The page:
Speech Therapy Tips on Improving Language at Home

Are you concerned your child is not understanding everything they should for their age? Do you have to repeat basic directions? What about if you’re finding your child struggling to express themselves? Here are some basic speech therapy tips to help improve language skills at home!


Face-to-Face with Eye-Contact: Get face-to-face with the child when talking; obtain the child’s eye contact before giving them an instruction.

Minimal Instructions: Refrain from giving too many instructions at once. Simplify the language you use with the child so it is at a level they can understand (i.e. usually just above their expressive language level or how much they are saying). If they are speaking in two-word sentences- “want cup”, use 2-3 word sentences- ”go get cup”.

Separate Multi-Step Directions: Instead of saying, “Go get your backpack and your coat and go outside,” first say, “Get your backpack.” Once the child has completed that instruction, then say, “Now get your coat.“ Once the child has completed that instruction, end by saying, “Go outside.”


Repeat: Ask the child to repeat the instruction to ensure that they have understood what they need to do (e.g. “Go get your bag then sit at the table. What do I want you to do?”).

“First/Then”: Use this concept to help the child know what order they need to complete the command (e.g. “First get your jacket, then put on your shoes.”)


Clarify: Encourage the child to ask for clarification if they forget part of the instruction or have trouble understanding what they need to do (e.g. “It’s ok to ask me to repeat. Say, ‘Can you say that again please?’”)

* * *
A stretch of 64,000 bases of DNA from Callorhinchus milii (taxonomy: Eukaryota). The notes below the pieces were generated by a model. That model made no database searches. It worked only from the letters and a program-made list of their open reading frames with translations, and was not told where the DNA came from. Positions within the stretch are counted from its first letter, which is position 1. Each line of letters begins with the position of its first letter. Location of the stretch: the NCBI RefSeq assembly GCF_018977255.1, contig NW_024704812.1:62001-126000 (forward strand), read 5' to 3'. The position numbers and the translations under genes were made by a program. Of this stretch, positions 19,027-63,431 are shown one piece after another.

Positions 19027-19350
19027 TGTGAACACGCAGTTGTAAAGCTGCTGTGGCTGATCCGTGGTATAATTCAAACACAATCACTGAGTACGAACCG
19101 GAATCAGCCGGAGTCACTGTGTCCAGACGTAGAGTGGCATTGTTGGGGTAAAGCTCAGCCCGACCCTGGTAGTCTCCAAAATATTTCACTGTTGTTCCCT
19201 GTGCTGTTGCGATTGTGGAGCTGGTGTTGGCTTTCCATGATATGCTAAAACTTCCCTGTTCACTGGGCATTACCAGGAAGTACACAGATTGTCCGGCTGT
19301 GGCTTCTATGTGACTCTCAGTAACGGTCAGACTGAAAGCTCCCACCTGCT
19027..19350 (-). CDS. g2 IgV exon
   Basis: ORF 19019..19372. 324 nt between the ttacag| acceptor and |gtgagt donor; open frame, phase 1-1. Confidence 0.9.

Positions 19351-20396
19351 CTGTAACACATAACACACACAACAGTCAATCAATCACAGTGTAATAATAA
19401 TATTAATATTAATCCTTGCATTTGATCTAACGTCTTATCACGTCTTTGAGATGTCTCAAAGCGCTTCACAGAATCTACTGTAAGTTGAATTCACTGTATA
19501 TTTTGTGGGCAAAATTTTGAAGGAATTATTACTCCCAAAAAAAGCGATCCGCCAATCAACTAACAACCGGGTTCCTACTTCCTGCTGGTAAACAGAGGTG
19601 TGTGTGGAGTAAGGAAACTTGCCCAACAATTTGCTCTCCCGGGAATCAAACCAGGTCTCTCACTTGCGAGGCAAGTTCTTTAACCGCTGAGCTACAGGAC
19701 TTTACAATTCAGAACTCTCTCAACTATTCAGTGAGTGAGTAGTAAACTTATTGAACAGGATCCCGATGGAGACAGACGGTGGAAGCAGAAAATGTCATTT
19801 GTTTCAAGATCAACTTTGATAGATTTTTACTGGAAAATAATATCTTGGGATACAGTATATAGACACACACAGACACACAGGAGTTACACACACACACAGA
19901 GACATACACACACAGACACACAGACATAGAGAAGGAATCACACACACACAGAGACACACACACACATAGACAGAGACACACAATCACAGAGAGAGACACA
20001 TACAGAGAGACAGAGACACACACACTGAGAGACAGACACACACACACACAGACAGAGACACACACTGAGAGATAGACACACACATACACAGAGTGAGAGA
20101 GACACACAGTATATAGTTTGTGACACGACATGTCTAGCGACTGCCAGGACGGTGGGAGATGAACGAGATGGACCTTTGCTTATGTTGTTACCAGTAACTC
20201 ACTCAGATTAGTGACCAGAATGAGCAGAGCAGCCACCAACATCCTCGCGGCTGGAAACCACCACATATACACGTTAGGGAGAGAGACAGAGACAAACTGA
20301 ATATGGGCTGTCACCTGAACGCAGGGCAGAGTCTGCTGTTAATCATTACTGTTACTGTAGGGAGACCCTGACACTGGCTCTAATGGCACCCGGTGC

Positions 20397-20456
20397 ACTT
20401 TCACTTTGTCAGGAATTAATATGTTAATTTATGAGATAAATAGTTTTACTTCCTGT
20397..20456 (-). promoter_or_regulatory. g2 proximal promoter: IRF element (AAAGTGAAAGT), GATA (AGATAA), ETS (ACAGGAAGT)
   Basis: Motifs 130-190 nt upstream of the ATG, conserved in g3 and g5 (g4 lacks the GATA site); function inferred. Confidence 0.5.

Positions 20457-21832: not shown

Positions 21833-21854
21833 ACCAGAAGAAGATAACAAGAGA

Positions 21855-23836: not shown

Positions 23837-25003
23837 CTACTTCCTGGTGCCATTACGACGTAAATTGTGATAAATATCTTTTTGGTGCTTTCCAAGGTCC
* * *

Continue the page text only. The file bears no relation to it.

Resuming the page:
Open-Ended Questions:  (For older children) Ask, “What’s happening in this picture?” instead of asking, “Is the boy playing?”

Pretend Play: While playing “kitchen/dolls/house/puppets/etc.” use sequencing by saying, “What should we cook first?…What should we cook next?” Have the child verbally request items or their turn before giving them the preferred item.


Model: Repeat your child’s incorrect phrase without saying “No, that was wrong.” For example, if the child said, “I go-ed to school”, you can say, “Yes, you went to school.”

Slow Your Own Rate of Speech: Slowing down will make the child feel less pressured to speak quickly, helping them formulate their thoughts before saying them.

Comment: When you see that “Wh” questions (Who, What, Where, When, Why) are difficult for the child to answer, try to comment instead of asking a question. For example, instead of asking “What’s on your shirt?”, say, “I love the car on your shirt.”

Expand: When you repeat a child’s sentence, add a word. For example, if the child says, “Car!” then you can expand on the statement and say, “Red car!” If the child is using 1-word utterance, expand to 2 words; if the child is using 2-word combinations, expand to 3 words, etc.
Offer Choices/Binary Choices: When the child cannot think of the word(s), you want to give them options. For example, while sitting at a table with paper, colors, markers, glue, etc. and you notice the child looks stuck on what they want to request, say, “Marker or crayon?”

BY: Courtney Harrison, M.S., CCC-SLP  and  Justine Langkopp, M.A., CF-SLP